A picture of Representative Dennis J. Kucinich
Dennis K.
Former Democrat OH 10
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    Urging European Union to Designate Hezbollah as a Terrorist Organization

    by Former Representative Dennis J. Kucinich

    Posted on 2012-12-31

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    KUCINICH of ohio in the house of representatives Monday, December 31, 2012 Mr. KUCINICH. Mr. Speaker, I challenge the wisdom of House Resolution (H. Res. 834) which urges the governments of Europe and the European Union to designate Hezbollah a terrorist organization and imposes sanctions.

    This resolution could have an effect opposite to that which was intended--to strengthen Israel. The UN Security Council Resolution 1701, which called for the end of hostilities between Hezbollah and Israel, is now being enforced by the United Nations Interim Force in Lebanon (UNIFIL) with the participation of European governments. There are reports that Hezbollah has been cooperating with UNIFIL in stabilizing south Lebanon and that the relationships developed are channels for peaceful dialogue in the future.

    Asking Europe to designate Hezbollah a terrorist organization could be counter-productive, increase dangers and lessen the effectiveness of European troops in UNIFIL. There will be adverse consequences of the resolution on the situation in south Lebanon.

    I have visited the region and have worked to end the conflict between Israel and Lebanon, even as it was starting. I offered a peace plan to try to end the war. I further visited Lebanon and Israel on after the war. I visited an apartment house in Qana, south Lebanon, which had been destroyed by a bomb which killed fifty women and children.

    I brought the bomb fragment back from the site and kept it on display in my office, together with three dog tags of kidnapped Israeli soldiers to remind of the great human tragedy of the conflict, and the suffering on all sides.

    The passage of this bill means that Congress must take up the responsibility of making sure that the Lebanese army is sufficiently equipped to protect the country.

    At this very moment America is roaming the world strenuously involved in promoting the Art of Governing. In Afghanistan, Iraq, Libya, Serbia, Yemen, Pakistan, Somalia and all points north and south, east and west, it is our State Department with its large plans, it is our Central Intelligence Agency with its drone strikes, our military by its active presence, our Defense Intelligence Agency, and our military contractors all of whom are the instructors involved in a show of unparalleled force to display not only American power but to make the case for American exceptionalism.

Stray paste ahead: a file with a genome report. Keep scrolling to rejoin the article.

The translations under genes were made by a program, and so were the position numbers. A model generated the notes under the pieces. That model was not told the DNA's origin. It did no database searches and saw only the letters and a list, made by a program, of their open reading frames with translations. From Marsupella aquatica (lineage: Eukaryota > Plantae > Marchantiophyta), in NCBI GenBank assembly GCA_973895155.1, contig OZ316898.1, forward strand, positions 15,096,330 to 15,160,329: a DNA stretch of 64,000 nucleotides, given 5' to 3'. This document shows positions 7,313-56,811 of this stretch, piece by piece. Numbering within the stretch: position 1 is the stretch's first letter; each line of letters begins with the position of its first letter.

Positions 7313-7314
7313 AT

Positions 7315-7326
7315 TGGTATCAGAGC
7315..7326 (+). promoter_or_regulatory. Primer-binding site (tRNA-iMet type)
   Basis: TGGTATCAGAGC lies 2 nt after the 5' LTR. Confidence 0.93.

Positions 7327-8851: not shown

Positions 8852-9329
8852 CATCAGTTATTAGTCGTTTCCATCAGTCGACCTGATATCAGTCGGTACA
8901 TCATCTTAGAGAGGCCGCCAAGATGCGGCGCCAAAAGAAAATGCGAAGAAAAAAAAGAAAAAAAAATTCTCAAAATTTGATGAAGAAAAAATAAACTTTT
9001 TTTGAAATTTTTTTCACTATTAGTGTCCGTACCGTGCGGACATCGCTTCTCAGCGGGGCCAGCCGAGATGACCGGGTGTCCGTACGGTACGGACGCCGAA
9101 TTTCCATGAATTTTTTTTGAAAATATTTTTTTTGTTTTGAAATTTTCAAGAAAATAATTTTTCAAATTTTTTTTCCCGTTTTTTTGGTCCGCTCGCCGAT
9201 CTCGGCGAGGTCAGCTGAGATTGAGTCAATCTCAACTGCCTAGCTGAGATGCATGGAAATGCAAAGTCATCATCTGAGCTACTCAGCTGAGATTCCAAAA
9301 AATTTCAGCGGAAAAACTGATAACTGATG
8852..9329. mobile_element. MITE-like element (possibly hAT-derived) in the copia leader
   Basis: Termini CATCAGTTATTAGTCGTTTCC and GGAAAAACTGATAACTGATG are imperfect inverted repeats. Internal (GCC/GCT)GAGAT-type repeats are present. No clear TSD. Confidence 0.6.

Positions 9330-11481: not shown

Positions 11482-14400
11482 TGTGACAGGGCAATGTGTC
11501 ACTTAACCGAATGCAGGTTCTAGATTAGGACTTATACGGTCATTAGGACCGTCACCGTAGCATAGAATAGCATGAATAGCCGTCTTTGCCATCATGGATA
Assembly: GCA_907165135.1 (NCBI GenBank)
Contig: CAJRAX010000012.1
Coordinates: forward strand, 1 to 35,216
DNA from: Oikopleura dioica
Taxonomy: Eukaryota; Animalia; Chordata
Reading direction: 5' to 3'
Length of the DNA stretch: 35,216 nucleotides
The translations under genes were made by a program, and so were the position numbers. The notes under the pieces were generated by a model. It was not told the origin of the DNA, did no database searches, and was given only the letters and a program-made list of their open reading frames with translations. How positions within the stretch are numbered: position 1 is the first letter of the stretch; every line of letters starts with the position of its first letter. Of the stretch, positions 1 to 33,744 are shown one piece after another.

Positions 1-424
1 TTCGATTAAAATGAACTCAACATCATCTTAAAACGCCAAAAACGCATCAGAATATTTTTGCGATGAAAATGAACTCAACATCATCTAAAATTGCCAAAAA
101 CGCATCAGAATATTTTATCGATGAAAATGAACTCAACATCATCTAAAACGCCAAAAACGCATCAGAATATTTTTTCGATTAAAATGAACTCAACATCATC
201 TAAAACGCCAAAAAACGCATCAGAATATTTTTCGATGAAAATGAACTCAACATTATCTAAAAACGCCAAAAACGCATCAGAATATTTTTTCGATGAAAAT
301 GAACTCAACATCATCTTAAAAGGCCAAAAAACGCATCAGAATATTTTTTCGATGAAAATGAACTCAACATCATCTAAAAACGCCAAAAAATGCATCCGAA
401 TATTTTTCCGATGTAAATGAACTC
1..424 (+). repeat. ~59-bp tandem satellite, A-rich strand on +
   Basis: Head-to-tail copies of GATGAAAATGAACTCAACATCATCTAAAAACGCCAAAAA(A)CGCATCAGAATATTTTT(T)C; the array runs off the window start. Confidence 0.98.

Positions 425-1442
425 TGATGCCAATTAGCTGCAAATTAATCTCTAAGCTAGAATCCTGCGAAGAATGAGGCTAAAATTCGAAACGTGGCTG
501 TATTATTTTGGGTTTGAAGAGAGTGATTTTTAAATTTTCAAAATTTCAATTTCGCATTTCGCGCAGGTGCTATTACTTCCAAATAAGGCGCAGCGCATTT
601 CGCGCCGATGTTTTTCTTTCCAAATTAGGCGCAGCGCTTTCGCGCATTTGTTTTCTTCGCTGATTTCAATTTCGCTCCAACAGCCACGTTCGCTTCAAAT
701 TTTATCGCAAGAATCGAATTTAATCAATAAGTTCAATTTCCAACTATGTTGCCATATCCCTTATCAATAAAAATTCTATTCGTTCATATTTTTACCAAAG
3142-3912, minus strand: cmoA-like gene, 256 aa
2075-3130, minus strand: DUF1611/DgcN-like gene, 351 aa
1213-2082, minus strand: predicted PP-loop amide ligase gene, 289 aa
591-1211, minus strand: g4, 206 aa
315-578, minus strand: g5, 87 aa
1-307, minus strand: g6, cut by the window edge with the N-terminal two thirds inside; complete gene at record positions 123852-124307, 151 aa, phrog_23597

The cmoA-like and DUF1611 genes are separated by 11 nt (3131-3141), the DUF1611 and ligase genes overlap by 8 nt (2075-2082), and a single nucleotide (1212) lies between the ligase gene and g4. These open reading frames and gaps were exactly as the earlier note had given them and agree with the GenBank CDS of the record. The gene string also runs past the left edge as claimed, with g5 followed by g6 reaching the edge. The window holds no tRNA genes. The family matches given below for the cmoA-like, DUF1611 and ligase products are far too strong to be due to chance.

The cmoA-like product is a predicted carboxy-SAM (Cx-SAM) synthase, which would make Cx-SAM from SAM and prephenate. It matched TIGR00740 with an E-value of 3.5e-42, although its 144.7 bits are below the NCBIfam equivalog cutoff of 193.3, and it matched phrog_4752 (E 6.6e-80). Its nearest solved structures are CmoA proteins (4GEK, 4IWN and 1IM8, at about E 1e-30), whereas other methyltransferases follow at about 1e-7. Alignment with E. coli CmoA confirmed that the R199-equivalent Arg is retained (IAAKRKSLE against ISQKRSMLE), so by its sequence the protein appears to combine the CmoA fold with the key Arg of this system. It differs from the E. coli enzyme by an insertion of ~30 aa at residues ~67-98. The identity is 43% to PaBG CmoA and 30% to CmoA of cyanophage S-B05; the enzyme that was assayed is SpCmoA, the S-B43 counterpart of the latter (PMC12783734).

If the machinations concerning the so-called fiscal cliff mean anything, they illustrate the conceit that somehow we have a right to tell others how to govern their affairs, and use our military to enforce our worldview. What is our case for democracy and cooperation elsewhere, if we have such difficulty practicing it or demonstrating it here at home? Where, with our unemployment, mortgage foreclosures, school closings, pension fund collapses, neighborhood violence, oh where is our showcase of democracy? For all of our foreign entanglements, our military occupations and preoccupations, our spy-in-the-sky-surveillance, death dealing from drones on high to those who we see as a threat, for all of this--we are not safer.

    We may in fact be less safe. There is plenty of evidence to suggest that Al Queda has been strengthened by the US support for military action in Iraq, Afghanistan, Pakistan, Syria, Yemen and by extrajudicial killings through the use of drones which are exacting a high toll on innocent civilians.

    John Quincy Adams once said America ``goes not abroad in search of monsters to destroy''. How far we have journeyed from that wise aspiration of a Founding Father? To paraphrase Shakespeare's Cassius in Julius Caesar: `We act as a Colossus bestride the narrow world . . . and petty men walk under (our) huge legs.' It is an illusion.

    Through our endless interventions, we have lost our way in the wide world, by trying to conquer it. We cannot conquer the world. We cannot rule the world. We cannot be the policeman of the world. We cannot afford it militarily, financially or spiritually. American control of the fate of others in faraway land is an expensive fantasy and can no longer be indulged.

    We will spend trillions of dollars in pursuit of a war on terror, which has become like a war against apparitions which shift shapes, loyalties and directions, consumes lives and money and at the end we meet in the distorted mirror of our fears the prophecy of Walt Kelly's Pogo: ``We have met the enemy and he is us.'' The cost of the wars is a threat to our freedom. The money spent for war inevitably comes from pressing domestic needs for job creation, infrastructure rebuilding, education, health care, retirement security. Since 9/11 we have let fear set our priorities and that fear has cost us mightily. It is worth recalling President Eisenhower's full warning about the undermining of freedom which comes from out of control military spending: ``Our toil, resources and livelihood are all involved; so is the very structure of our society. In the councils of government, we must guard against the acquisition of unwarranted influence, whether sought or unsought, by the military-industrial complex. The potential for the disastrous rise of misplaced power exists, and will persist. We must never let the weight of this combination endanger our liberties or democratic processes. We should take nothing for granted. Only an alert and knowledgeable citizenry can compel the proper meshing of the huge industrial and military machinery of defense with our peaceful methods and goals so that security and liberty may prosper together.'' The wars have been a disaster for innocent civilians. More than one million innocent Iraqis perished in a war based on lies, a war executed by an American president and vice president who flat out lied to the Congress, lied to the American people, lied to the media and escaped responsibility and accountability because we just moved on.